Not much research has been done on misophonia, though I hope this will change in the future. It causes significant distress to people who have it. Because there hasn’t been much research, there also isn’t a cure. This is the case for most mental illnesses in general. You can’t cure them, but you can treat them and learn to live with them. As it turns out, Portland is home to a fair amount of misophonia research. The Misophonia Association was founded here in 2013 and holds conferences each year to raise awareness about the disorder. A leading researcher on misophonia, Dr. Marsha Johnson also practices in Portland at the Oregon Tinnitus & Hyperacusis Treatment Clinic. She works to fit patients with a hearing device that plays low background noise into their ear to help drown out the triggering sound, and her clients have had success with this treatment. White noise machines, like the one I have in my bedroom, are also a helpful coping mechanism for many sufferers. I reached out to Dr. Johnson and her team replied that “unfortunately insurance does not recognize yet misophonia as a billable condition so there is no way to bill for it.” This treatment starts at $250 for an initial appointment and can cost $2,000 for the aforementioned earpiece. The clinic said they “understand that this is a hardship for many people and hope that this will change in the future.” Recognizing misophonia as a disorder is an important first step so that people can get treatment.

Illustration of a just-broken purple ink pen dripping ink onto a piece of white lined paper. Yellow "sparks" depict the unpleasant noise the pen makes.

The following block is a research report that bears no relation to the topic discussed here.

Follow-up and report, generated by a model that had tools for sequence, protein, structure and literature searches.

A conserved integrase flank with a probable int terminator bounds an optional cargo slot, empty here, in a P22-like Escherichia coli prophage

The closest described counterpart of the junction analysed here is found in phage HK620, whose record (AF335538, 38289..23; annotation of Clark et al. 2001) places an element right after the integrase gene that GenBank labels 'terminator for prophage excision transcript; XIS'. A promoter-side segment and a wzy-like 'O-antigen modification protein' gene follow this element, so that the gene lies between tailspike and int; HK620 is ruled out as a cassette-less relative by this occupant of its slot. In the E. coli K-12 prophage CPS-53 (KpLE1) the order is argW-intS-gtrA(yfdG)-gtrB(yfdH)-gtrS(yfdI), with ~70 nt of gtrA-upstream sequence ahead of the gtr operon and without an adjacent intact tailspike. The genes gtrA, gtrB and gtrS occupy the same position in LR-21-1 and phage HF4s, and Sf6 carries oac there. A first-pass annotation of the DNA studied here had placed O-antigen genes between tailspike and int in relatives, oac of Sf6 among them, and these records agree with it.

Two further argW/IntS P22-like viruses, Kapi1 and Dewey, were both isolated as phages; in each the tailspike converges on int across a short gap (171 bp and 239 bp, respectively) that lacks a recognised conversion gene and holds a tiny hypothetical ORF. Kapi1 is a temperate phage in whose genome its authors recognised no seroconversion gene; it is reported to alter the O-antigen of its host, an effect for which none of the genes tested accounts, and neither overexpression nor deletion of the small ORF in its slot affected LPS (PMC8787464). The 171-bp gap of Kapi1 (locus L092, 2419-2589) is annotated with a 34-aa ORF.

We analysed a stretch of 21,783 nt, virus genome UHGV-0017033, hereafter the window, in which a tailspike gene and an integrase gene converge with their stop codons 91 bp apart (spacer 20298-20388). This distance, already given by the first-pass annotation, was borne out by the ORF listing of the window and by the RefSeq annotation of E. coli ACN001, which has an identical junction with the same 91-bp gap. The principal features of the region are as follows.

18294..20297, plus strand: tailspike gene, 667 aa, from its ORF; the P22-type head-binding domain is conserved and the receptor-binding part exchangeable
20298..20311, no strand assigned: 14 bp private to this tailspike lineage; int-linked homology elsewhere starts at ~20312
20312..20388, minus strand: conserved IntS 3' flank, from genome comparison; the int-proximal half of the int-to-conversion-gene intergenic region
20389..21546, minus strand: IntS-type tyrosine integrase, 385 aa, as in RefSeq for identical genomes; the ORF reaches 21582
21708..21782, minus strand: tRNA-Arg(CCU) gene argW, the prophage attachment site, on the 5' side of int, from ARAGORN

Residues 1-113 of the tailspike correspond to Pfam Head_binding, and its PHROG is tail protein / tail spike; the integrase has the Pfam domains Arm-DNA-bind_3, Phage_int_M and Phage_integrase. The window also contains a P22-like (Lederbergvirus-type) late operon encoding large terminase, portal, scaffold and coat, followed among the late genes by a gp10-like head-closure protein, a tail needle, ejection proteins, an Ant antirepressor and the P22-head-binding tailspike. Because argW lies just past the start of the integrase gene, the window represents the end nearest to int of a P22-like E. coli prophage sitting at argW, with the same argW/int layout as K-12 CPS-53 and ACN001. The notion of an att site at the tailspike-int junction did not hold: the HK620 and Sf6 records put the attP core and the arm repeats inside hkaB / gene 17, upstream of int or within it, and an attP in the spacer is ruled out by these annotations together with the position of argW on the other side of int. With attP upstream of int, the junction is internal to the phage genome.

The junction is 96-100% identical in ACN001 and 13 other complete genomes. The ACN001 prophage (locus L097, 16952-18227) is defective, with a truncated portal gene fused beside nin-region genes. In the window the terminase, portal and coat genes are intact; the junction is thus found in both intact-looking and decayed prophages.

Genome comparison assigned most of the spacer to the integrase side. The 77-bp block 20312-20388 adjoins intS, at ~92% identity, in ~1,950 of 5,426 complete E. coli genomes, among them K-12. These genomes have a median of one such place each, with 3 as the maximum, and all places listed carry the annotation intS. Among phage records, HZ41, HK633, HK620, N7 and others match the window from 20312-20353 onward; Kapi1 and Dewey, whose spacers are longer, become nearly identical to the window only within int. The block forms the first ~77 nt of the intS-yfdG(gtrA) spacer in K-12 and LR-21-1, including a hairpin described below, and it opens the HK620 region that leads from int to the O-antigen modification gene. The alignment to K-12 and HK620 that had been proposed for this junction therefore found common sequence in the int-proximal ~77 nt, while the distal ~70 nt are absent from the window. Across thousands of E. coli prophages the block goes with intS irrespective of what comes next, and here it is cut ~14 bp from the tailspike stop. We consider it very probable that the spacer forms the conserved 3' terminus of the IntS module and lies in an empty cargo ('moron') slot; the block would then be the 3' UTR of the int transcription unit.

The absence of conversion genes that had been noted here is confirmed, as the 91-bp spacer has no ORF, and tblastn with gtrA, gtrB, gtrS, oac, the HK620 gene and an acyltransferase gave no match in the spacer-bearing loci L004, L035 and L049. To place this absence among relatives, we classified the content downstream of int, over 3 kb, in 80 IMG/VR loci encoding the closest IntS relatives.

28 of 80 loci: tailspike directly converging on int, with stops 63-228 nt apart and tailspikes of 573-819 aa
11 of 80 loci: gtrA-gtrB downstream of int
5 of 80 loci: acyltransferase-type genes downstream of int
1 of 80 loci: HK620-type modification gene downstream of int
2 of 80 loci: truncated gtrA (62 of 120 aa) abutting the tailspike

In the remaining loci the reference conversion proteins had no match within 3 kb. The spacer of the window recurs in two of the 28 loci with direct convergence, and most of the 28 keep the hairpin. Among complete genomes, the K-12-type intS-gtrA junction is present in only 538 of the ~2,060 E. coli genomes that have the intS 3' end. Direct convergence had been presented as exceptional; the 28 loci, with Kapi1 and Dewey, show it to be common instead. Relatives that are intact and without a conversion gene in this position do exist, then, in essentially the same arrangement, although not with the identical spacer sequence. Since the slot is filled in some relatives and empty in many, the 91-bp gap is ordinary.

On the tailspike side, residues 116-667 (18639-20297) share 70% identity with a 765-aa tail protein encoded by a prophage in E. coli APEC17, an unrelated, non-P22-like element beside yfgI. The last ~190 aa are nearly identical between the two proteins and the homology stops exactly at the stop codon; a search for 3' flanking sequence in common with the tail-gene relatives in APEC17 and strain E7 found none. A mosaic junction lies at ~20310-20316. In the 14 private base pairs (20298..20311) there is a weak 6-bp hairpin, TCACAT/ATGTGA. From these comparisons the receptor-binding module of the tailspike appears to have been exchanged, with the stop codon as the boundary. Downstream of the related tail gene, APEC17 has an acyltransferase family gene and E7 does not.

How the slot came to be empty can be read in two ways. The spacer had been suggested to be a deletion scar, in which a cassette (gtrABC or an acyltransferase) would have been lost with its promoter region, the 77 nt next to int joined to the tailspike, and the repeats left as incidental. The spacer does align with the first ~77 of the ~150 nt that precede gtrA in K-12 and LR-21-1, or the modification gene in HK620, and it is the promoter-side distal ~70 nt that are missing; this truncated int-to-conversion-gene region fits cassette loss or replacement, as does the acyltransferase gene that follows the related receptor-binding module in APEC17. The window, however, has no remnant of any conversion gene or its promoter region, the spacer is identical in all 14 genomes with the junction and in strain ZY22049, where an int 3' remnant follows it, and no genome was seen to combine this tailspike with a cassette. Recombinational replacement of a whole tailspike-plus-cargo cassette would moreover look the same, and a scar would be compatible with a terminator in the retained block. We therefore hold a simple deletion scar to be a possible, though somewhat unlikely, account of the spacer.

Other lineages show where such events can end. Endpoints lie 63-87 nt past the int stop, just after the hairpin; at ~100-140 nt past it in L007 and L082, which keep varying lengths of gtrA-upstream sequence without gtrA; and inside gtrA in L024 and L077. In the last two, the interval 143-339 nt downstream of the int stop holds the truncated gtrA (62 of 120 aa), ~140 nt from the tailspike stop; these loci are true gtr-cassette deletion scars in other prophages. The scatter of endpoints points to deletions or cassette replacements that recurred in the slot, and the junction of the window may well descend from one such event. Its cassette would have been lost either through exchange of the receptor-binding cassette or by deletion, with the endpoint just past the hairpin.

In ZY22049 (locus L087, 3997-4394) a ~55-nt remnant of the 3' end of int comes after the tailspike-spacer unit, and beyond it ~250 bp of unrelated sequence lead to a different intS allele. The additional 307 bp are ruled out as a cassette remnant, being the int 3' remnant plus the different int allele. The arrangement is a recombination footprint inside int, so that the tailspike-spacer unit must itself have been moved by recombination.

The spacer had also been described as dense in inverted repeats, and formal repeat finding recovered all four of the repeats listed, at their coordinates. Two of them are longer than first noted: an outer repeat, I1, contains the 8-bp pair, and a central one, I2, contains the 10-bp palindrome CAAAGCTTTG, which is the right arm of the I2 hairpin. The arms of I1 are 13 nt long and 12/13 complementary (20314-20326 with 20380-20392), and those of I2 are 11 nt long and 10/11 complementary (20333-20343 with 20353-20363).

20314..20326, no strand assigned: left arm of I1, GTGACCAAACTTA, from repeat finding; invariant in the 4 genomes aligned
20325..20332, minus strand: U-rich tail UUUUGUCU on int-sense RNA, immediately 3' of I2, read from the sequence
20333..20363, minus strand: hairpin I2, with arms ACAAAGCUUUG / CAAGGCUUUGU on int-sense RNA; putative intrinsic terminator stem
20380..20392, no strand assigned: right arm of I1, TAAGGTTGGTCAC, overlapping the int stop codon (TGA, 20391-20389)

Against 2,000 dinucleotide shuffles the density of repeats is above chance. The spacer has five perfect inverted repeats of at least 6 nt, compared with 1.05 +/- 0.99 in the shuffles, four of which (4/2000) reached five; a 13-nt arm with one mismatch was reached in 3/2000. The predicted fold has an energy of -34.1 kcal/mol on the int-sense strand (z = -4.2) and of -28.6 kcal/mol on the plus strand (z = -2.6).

In my time in the ASMR community (see the article in this issue on ASMR), I have found that many ASMR-sensitive people also have misophonia. It’s worth examining a potential connection between the two conditions. Since ASMR is essentially a state of being sensitive to sound, it makes sense that misophonia would follow. It’s the exact opposite of ASMR—while one elicits a feeling of intense calm, the other brings panic and rage. It’s worth noting that many of the triggers for misophonia are also triggers for ASMR. For instance, listening to someone crinkle a plastic bag can be relaxing to one person and angering to another. It can even trigger both for the same person depending on the situation. I find this connection fascinating and hope that researchers will focus on it in the future so that we can learn more about how these two conditions are connected. Both ASMR and misophonia are a testament to the power of sound. Some people are just more sensitive to it than other people are.           

Here is advice that doesn’t help people with misophonia: “Just ignore it,” “You’re being too sensitive,” and “You’ll learn to drown it out.” I have heard all of these and none of them are true. Maybe some people can ignore the sound of someone clicking their pen on and off over and over (and over), but to someone with misophonia, it’s as loud as a sledgehammer. We would love to be able to drown it out, but we can’t. I can only hope that misophonia research continues and is made widely available. One person’s mindless fidgeting is another person’s sensory nightmare. I urge people to be more considerate of the space they take up and to be conscious of the sound they’re making. There are many quiet fidgets that don’t disrupt others, and they do the job just as well. Together we can make the world a more comfortable place for everyone, misophonia and all.